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Bee Gee News January 22, [email protected] [email protected]
Bee Gee News January 22, 1924 Bee Gee News January 22, 1924
Bowling Green State University
Recommended Citation Recommended Citation Bowling Green State University, "Bee Gee News January 22, 1924" (1924). BG News (Student Newspaper). 38.
This work is licensed under a Creative Commons Attribution-NonCommercial-No Derivative Works 4.0 International License. This Article is brought to you for free and open access by the University Publications at [email protected] It has been accepted for inclusion in BG News (Student Newspaper) by an authorized administrator of [email protected]
Vol.5 BOWLING GREEN. 9., JANUARY 22 1924 No. 4
Like all speakers who start out interesting their audience with a joke, the alumni cjlumn must do so also. Earl Lowrle is teaching in Lorain Hi and the students there like his famous derby hat. They s all him "Doe" there and had a cartoon picture cf the local product in his "bewtiful" hat!
Another joke: "Fat" A. R McDaniels. former student and leader for Williams county during the summer terms, is married. He hooked up to some member of the fair sex during the holiday season. .McDaniels is now Drenching in Grace United Brethren church in Elkhart, Indiana.
Maurice M. Mercer and Lola Holloreter, fjrmei" students in the summer here and teachers in the Lowling Green High school, were married o" December 22.
Helen Pooh: Shet^er, student in the sunnier o" 1619 and who marred Ralph Shetzer, student ii 1918 and 11)19, died of tuberculosis at her home in Portage, Ohio, on New Year's day.
The following degree grads are found scattered around in Wood countv: Helen Shafev, '22, Rowing (iieen Hi; Suzanne Shearman, '23, Rowling Green Hi; Lillian Tressell. '22. Rowling Green H'; E E. Leidy, '22. North Baltimore; Orville Raberding. '23. Perrysburg; Clive Treece, '20. Perrysbirg; P. P. Huffman. '23, Perrysburg: Claitua Stougb. '20, Weston; Dale Treece, '21, Rloomdale; Charles Clucas, '21, Tont^gany; Lester Stough, '20. Hoytville; Charles Richardson, '22, Hoytville; and the editor.
Arlington Hankins, student here last year, from 1'emberville. is now traveling for the Metealf Neckware Company, of Cleveland, having the state of Indiana as his territory.
Clela Cox, former student, is teaching in her home town, Montpelier.
Walter Rump, who attended school here las* \ear. is teaching near Montpelier.
Eldred Rrannon, captain of the track team last year, is teaching near Pryan.
San ford Gorsuch, '23, is teaching school in Wauseon.
Giford Luke. Montpelier. who has attended sum- mer school here for several years, is teaching the little foreigners the'r A. R. C'a in Warren, Ohio.
Prof. Hudson, formerly the head of the Com- mercial department, no lomrer is a Prof. He ha? tacked a shingle in front of an office and is now
Jan. 11. Jan. 12. Jan. 15. Jan. 18. Jan. 19. Jan. 19. Jan. 23. Feb. 1. Feb. 2. Feb. 9. Feb. 11. Feb. 15. Feb. 22.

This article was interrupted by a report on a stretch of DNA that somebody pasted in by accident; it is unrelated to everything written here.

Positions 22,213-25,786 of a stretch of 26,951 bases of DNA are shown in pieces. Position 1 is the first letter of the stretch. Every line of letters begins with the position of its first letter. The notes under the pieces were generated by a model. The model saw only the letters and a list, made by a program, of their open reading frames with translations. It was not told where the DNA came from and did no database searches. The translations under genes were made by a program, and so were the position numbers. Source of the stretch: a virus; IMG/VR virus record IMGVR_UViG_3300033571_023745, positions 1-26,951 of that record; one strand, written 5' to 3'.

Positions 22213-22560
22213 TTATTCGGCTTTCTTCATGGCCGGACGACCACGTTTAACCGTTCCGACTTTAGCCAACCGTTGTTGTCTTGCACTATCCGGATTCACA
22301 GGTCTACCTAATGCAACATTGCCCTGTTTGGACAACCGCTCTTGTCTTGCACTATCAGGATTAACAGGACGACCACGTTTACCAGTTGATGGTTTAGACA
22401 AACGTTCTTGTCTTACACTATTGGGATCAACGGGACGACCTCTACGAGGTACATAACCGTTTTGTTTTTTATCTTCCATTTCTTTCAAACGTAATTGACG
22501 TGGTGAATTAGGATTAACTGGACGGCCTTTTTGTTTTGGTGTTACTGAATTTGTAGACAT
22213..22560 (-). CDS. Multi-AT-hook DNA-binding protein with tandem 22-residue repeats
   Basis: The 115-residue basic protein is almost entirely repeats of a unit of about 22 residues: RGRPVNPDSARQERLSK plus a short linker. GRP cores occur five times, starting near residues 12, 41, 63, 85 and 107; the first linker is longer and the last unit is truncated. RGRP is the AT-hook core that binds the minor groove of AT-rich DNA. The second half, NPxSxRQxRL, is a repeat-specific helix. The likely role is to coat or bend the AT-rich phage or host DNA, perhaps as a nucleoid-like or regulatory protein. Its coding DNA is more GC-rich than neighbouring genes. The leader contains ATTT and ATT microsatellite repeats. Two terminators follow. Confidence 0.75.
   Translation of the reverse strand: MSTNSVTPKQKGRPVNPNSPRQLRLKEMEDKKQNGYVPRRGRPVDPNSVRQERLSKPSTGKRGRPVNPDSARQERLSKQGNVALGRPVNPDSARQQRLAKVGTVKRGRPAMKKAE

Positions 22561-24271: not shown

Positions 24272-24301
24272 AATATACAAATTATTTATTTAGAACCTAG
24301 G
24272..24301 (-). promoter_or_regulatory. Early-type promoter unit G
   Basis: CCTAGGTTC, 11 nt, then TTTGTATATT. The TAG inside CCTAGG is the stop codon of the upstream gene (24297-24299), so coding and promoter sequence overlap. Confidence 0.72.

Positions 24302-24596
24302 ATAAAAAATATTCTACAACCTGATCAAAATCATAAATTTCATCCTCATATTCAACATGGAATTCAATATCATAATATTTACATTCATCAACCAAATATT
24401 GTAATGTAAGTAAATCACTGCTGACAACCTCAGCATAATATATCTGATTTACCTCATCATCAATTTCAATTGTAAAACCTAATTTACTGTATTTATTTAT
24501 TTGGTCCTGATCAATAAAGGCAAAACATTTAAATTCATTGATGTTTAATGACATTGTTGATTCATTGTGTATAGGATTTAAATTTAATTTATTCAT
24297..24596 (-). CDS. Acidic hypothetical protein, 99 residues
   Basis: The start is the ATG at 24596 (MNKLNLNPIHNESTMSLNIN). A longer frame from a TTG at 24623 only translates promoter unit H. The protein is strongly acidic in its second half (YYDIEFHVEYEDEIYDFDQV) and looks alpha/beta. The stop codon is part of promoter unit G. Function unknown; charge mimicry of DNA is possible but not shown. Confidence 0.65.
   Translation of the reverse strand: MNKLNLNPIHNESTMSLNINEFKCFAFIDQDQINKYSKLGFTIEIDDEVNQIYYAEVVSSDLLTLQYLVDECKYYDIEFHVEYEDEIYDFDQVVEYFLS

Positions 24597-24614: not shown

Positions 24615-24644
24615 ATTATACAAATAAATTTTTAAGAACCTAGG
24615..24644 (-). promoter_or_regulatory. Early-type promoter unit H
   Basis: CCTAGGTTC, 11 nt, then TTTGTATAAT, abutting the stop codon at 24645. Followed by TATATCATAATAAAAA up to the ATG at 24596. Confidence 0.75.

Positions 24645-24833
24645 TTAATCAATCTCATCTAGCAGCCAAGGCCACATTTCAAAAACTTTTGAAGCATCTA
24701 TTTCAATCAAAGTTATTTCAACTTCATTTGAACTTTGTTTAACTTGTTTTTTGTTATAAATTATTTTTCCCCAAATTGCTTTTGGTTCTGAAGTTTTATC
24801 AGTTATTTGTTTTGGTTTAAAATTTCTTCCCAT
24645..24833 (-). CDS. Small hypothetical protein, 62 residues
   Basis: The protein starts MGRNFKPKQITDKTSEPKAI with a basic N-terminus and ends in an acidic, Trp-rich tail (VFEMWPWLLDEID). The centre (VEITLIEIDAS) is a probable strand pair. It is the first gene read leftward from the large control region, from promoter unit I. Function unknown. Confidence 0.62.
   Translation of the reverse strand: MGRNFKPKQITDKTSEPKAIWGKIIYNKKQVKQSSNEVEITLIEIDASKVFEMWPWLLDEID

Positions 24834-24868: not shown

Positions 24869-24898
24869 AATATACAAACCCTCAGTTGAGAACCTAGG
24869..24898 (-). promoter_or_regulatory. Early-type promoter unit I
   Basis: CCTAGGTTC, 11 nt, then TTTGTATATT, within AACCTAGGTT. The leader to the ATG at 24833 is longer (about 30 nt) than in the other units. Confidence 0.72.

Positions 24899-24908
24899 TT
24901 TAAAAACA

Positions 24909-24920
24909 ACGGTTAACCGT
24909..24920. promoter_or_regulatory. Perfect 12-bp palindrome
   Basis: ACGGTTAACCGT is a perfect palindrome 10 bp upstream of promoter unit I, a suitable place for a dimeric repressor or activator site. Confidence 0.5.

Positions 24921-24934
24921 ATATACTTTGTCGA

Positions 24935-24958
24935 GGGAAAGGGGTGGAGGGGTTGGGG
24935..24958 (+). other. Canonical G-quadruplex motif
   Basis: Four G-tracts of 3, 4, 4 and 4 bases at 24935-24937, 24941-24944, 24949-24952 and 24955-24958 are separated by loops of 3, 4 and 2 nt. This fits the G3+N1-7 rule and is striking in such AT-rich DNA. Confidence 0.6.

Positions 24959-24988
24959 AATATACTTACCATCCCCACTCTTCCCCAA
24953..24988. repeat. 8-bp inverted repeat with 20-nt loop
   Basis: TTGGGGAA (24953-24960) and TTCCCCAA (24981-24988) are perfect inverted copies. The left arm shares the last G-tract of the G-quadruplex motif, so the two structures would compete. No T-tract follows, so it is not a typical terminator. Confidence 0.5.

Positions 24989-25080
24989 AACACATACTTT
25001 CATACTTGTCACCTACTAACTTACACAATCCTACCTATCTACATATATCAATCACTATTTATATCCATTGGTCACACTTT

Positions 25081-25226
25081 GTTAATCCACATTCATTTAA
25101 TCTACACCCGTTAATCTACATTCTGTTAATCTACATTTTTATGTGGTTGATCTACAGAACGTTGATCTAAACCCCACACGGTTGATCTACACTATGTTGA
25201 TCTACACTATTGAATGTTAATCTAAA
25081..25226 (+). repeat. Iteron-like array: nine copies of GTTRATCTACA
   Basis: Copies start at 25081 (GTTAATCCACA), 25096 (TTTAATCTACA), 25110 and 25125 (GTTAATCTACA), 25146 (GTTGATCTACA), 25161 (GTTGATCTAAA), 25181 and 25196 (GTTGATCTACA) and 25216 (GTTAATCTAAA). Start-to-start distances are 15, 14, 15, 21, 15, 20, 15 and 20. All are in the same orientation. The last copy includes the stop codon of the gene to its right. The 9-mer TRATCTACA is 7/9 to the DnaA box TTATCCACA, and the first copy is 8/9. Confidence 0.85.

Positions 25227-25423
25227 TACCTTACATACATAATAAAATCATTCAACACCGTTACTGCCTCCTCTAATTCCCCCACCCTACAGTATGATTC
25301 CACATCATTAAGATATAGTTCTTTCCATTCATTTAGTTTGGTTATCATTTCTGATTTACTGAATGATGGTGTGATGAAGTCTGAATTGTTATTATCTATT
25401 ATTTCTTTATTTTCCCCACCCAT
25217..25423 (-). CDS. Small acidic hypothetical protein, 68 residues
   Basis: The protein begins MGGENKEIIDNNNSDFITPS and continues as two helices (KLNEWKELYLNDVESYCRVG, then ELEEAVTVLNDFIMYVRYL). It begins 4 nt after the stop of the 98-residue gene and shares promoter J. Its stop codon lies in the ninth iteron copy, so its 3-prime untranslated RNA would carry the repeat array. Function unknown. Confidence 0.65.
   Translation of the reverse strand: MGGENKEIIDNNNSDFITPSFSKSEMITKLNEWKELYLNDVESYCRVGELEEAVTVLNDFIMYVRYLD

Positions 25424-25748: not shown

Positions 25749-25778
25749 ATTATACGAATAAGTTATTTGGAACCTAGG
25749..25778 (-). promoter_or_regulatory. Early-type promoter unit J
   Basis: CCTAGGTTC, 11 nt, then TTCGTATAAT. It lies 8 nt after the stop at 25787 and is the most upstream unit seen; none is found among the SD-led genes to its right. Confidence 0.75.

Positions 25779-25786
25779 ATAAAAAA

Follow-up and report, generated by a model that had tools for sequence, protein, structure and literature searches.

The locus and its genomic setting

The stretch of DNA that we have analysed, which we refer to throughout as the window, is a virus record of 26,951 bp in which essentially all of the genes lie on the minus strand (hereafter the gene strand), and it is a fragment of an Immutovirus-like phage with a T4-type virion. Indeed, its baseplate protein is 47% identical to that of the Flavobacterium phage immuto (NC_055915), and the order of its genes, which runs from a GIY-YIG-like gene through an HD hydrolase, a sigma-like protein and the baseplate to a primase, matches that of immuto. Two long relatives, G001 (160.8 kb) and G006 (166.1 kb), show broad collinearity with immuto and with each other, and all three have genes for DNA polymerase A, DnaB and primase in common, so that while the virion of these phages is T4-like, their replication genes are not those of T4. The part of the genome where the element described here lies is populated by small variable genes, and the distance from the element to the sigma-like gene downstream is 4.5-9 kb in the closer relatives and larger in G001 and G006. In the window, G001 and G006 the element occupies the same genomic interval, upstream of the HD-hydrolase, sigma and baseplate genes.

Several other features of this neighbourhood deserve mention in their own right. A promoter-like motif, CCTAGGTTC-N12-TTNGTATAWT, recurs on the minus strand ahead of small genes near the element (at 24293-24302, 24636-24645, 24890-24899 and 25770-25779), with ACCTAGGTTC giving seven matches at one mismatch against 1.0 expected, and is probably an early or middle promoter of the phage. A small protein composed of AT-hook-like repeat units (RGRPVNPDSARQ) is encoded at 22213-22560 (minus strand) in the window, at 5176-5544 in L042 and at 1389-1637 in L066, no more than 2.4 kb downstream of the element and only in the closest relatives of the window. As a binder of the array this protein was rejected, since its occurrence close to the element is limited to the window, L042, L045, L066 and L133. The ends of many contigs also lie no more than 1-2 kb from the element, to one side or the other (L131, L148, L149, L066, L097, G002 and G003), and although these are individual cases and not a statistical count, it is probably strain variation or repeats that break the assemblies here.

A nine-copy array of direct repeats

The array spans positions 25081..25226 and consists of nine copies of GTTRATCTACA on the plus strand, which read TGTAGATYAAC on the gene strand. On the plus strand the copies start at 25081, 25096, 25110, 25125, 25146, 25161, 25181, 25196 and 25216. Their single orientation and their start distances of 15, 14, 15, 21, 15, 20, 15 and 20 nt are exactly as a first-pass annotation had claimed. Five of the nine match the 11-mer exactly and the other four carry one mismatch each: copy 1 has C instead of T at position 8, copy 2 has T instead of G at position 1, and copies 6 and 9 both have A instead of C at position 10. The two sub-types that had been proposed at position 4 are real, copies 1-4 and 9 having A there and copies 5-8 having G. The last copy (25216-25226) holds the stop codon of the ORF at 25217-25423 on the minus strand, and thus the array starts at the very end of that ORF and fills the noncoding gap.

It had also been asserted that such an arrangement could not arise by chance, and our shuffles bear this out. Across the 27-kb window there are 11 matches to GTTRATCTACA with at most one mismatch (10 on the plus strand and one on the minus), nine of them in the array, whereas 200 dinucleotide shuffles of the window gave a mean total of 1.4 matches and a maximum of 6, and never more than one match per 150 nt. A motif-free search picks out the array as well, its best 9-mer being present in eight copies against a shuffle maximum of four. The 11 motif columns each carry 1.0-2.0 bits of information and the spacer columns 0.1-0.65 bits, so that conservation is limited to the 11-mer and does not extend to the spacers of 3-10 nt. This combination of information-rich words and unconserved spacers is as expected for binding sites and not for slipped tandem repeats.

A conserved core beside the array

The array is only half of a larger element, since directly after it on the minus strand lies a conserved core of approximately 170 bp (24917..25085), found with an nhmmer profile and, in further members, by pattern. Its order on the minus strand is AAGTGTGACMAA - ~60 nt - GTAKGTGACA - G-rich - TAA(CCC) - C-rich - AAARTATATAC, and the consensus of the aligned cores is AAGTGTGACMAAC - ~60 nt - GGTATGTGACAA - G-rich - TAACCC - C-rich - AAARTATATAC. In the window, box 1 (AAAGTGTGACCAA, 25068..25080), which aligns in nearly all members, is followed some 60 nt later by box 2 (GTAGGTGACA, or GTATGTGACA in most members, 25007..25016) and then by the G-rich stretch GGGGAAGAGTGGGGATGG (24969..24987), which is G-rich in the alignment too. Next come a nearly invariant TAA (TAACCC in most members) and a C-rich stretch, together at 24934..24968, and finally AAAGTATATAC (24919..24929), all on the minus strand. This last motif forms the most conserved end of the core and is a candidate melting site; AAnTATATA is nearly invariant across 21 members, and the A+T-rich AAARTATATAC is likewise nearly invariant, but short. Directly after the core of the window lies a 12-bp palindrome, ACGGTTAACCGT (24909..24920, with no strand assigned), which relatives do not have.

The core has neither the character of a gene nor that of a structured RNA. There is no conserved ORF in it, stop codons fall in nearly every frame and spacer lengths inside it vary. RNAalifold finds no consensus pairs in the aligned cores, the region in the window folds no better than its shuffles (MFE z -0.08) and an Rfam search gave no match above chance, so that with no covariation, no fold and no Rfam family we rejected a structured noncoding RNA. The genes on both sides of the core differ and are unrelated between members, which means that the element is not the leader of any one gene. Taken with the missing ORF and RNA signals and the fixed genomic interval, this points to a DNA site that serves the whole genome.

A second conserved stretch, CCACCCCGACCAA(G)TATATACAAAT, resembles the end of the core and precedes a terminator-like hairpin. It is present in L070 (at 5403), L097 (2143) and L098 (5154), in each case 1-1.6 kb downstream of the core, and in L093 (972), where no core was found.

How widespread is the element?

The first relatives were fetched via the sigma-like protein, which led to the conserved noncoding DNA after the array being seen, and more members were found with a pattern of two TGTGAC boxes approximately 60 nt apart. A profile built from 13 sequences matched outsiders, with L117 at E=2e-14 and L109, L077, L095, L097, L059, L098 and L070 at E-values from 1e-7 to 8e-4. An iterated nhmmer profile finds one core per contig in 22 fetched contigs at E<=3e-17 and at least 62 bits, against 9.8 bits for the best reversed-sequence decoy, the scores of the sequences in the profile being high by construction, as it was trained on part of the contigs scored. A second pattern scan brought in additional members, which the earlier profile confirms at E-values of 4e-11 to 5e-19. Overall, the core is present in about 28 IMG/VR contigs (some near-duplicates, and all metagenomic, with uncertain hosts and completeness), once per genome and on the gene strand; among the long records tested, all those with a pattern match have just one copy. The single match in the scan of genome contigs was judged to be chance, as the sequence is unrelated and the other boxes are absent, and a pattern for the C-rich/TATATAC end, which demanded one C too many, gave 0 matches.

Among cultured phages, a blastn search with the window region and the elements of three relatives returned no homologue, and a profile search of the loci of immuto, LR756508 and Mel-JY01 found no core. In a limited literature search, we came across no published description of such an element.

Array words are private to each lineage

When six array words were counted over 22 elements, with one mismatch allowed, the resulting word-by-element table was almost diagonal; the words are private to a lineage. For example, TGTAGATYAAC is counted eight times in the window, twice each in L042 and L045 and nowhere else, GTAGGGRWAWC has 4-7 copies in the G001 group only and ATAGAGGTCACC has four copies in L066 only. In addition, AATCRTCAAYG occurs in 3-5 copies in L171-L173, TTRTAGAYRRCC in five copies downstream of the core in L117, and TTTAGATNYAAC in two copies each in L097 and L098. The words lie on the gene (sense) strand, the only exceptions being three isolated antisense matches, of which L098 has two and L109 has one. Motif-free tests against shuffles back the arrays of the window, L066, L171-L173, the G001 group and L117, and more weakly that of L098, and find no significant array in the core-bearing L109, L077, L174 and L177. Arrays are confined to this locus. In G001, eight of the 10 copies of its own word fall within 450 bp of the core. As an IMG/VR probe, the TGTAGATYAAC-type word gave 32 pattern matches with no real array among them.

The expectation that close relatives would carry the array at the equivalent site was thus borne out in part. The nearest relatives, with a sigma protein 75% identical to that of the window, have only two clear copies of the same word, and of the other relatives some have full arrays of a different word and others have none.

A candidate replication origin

Bee Gee vs. Toledo U. at Toledo. Freshman Party. Lecture by Dr. Grenfell. Findlay vs. Bee Gee. Bliss College vs. Ree Gee. Girls' Prom. Dayton U. vs. Ree Gee. Defiance College vs. Ree Gee. Detroit U. vs. Ree Gee. Snow Party. Lecture by Maude Ballington Booth. Valentine Party. Rluffton College vs. Bee Gee.
BOOK AND MOTOR The honorary society of Baok and Mot r met
January 17th for the purpose of electing officers lor the year. The officers elected are Iscah Belle Rail, president; Jonathan Ladd, v'ce president: Nadine Cle\ren?er. secretary, and Prof. Overman, treasurer.
After the regular business had been comnlet-d the meeting adjourned.
OLDE FIVE BROTHERS On the evening of Jnnuary 7, 1924, at the Olde
Temple, the Five Brothers fraternity met to confer I he first degree upon seven neaphytes.
The degree was very impressive and br u^.i out the ereat lessons of faith and confidence.
At this time Brother Ivan Lake, '23. was preset and presented the new constitution, wlvch was ac- cepted by the fraternity. The new consitution g'v^? the Brothers a working form of organization and IO"dfi dignity to the order.
After a short business meeting, the Pr^ther-* adjourned to the Home cafe where an old fashioned feed was enjoyed by all
FRESHMAN CLASS The Freshman <!ass, l,a ing dispensed w'th th"1
"Tppi". and having recovered from the minstrel fhow. is now busy preparing for their big part", Saturday, the 12th.
The Freshmen classes in the vast have given fnme of the best parties of the year and by the i^tere^t a"d notices for committee meetings ap- pearing on the bulletin board this party should g> over bis-. The upper classes wish the Fresh success In their first plunge into the social sea.
(Continued on page two) (Continued on page three)
2_ _ . .. BEE GEE NEWS
CHRISTMAS PARTY STUDENT VOLUNTEER CONVENTION The annual Christmas party was held Thursday Bowling Green was represented, by one dele-